Fast Pitch In Heaven
I met Tracy the spring our youngest son was playing on the baseball
travel team with her older brother. She was a thin, happy spirited
little gal. Always with her parents to cheer for her brother and the
team. She told me she had been playing softball with the girls' team
in the nine-year- old division, and they were pretty bad, but she did
her best and loved the game. She wanted to play fast pitch when she
got older. I told her she was making a good start playing, even if
they didn't always win!
As spring turned into summer and we traveled throughout the state
playing against teams in our division, I noticed Tracy's Mom was
quite watchful of her actions, always concerned if there was a chill
in the air as we sat in the area where Moms sit during these games,
mostly on hard bleachers! While Dads seemed to stand near the
coach's corner, ready to give him advice if need be, a friendship
began between Karen and I.
Tracy was so sweet and a loving child toward her family. I commented
on this to Karen, and then she told me Tracy had leukemia and was in
remission. She wanted more than anything to play softball with the
league that year, and so the doctor gave her permission. Karen was
afraid it was too much, but she had to believe that Tracy would beat
this catastrophic disease, and placing her faith in God, wanting as
normal of a life for Tracy as possible, she allowed her to play.
They went to her games at the school field, which were held at an
earlier time than her brothers.
One evening after a winning game our families went out to eat. Over
pizza and salad, Karen told me Tracy was going to the children's
hospital the next day for her yearly check up. We wished them well,
expecting things to be just fine.
A couple of days later when we were at a game watching the boys, I
noticed Tracy and her Mom weren't there. I made my way to Tracy's
Dad, and asked him how the checkup had gone.
"Not good," he said. "The cancer is back." The tears swelled in his eyes,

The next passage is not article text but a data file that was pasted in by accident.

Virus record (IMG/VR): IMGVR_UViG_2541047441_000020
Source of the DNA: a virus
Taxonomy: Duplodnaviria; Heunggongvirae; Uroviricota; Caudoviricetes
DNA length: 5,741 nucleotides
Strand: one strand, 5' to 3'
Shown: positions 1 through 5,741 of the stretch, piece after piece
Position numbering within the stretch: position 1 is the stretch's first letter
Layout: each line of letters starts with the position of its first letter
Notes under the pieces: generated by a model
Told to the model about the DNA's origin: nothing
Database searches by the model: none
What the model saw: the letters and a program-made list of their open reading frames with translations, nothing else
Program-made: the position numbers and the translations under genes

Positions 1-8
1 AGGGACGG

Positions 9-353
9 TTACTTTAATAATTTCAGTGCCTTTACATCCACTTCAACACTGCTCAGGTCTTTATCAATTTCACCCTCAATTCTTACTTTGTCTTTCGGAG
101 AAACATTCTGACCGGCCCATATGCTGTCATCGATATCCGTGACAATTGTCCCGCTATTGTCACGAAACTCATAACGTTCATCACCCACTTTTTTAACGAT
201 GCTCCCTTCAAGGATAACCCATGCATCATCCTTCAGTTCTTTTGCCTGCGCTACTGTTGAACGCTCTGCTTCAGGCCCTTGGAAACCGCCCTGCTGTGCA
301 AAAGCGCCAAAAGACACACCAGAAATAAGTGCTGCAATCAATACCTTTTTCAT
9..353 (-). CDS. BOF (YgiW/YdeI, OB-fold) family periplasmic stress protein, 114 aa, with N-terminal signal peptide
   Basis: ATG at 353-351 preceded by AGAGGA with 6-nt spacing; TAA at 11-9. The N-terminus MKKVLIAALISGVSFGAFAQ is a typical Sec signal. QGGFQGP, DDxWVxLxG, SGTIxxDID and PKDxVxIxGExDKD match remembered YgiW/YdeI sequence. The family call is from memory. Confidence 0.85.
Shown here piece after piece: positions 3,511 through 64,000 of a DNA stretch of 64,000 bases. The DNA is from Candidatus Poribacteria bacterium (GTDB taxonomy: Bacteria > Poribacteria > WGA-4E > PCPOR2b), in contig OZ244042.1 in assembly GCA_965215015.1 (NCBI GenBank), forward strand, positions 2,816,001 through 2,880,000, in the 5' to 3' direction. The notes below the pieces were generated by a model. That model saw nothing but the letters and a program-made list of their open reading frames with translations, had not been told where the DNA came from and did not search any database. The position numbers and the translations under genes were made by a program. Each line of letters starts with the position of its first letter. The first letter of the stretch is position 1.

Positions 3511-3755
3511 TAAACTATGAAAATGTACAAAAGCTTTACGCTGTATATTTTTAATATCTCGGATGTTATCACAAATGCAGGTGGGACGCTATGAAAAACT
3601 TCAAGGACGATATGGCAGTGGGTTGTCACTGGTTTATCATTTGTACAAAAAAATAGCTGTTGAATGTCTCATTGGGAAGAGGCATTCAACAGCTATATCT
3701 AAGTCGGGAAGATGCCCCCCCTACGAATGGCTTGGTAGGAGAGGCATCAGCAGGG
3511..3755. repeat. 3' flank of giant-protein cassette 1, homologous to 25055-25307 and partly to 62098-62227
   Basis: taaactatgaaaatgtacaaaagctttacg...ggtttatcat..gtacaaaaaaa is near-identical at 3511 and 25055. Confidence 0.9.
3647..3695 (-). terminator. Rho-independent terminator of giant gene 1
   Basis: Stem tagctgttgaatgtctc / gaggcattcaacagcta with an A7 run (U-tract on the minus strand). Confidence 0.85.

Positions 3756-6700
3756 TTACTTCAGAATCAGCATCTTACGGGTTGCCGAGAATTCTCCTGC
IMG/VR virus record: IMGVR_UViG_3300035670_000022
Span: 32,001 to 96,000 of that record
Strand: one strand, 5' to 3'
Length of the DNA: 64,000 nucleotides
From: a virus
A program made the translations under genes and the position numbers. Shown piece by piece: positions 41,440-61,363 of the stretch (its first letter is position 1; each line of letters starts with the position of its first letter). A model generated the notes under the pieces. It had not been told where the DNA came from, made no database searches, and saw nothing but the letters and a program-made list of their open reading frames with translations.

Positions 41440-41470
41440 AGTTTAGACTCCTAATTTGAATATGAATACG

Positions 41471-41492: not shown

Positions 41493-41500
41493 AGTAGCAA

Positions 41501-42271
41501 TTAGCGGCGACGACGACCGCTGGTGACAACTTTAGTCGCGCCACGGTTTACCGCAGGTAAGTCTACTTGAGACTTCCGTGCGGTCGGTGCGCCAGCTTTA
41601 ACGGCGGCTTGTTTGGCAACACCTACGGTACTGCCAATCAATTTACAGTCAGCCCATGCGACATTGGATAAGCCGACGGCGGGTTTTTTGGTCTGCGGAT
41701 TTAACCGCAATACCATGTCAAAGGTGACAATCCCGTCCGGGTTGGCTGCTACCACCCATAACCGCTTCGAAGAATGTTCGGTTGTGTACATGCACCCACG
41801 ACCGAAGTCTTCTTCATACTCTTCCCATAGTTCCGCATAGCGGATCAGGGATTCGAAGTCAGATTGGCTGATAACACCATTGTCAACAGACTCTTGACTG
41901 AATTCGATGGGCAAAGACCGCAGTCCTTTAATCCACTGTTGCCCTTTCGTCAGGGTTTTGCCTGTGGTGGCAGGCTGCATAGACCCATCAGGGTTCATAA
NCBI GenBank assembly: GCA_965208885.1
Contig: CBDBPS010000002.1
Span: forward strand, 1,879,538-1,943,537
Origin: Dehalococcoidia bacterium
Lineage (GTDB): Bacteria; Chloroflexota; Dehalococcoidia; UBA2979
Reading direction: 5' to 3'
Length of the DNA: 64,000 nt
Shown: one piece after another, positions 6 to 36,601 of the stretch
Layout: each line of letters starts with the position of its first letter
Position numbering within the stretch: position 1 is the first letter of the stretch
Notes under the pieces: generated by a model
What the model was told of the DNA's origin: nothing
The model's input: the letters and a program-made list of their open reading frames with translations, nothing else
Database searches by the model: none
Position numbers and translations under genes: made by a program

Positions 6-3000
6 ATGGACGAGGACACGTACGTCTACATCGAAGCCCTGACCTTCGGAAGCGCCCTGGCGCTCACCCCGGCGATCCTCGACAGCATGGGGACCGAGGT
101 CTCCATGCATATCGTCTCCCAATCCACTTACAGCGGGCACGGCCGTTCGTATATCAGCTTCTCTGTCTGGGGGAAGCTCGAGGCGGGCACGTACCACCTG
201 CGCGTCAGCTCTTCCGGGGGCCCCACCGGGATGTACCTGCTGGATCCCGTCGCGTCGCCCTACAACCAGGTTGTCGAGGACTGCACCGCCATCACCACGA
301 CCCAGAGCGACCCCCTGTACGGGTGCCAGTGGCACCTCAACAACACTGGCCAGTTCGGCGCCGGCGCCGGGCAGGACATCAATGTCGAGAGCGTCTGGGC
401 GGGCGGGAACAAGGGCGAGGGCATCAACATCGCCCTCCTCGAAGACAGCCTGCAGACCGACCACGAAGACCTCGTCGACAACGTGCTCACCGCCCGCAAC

and I said how sorry I was to hear that.
The baseball season ended, school began, and Tracy started chemo
treatments. It was a long process for her. She went to school as
much as possible, other days were hard for her. I kept in contact
with Karen, praying for this little gal we all had come to love so much.
Our daughter was graduating that spring, and although baseball
resumed its place in our lives, we had an open house for our
graduating senior, and invited Tracy and her family. Tracy looked a
little thinner but wanted her picture taken at the open house as she
was wearing a new blond wig!
Everyone was going in so many directions that fall. I tried my best
to keep up with Karen and how Tracy was doing. Her good days were
getting to be fewer, yet they clung to hope and prayed God would
On a sunny January day, Tracy gave up her battle with cancer, and the
Lord took her to her new Heavenly home. While attending the funeral
service we were happy to see Tracy's little friends were singing
favorite songs she had liked. They wanted to make this a celebration
of Tracy's life. It was a beautiful tribute to a sweet little girl from a loving
The burial took place across from the school Tracy attended. And
although a winter day, the snow was gone, and the sun was shining
during the graveside service. At the end of the service, the most
beautiful sound came from the Church across the street next to
Tracy's school. The Church bells rang out a beautiful hymn that day
for Tracy. I'd never before been to a burial where the bells rang
out so loud, and all her friends and family were there to hear.
I wonder if they play ball in heaven? Tracy never got her wish to
play on the girl's softball team in high school. She no longer lives
in pain, her body is whole. I'll bet she would be a fast little runner!
And to be a player for the Lord's Team, Wow! What a game that would be!
Play ball, Tracy! Play ball!
~ Diane Dean White ~
Thelamb212 @ aol.com
Diane is a columnist, freelance writer and author of two books. She is married to Stephen and they reside on the Carolina Coast. They are the parents of three grown children and three grand gals. You may visit Diane’s website and see more
of her work at www.DianeDeanWhite.com
[ By: Diane Dean White Copyright © 2002 -- submitted by: Diane Dean White (Thelamb212 @ aol.com) ]
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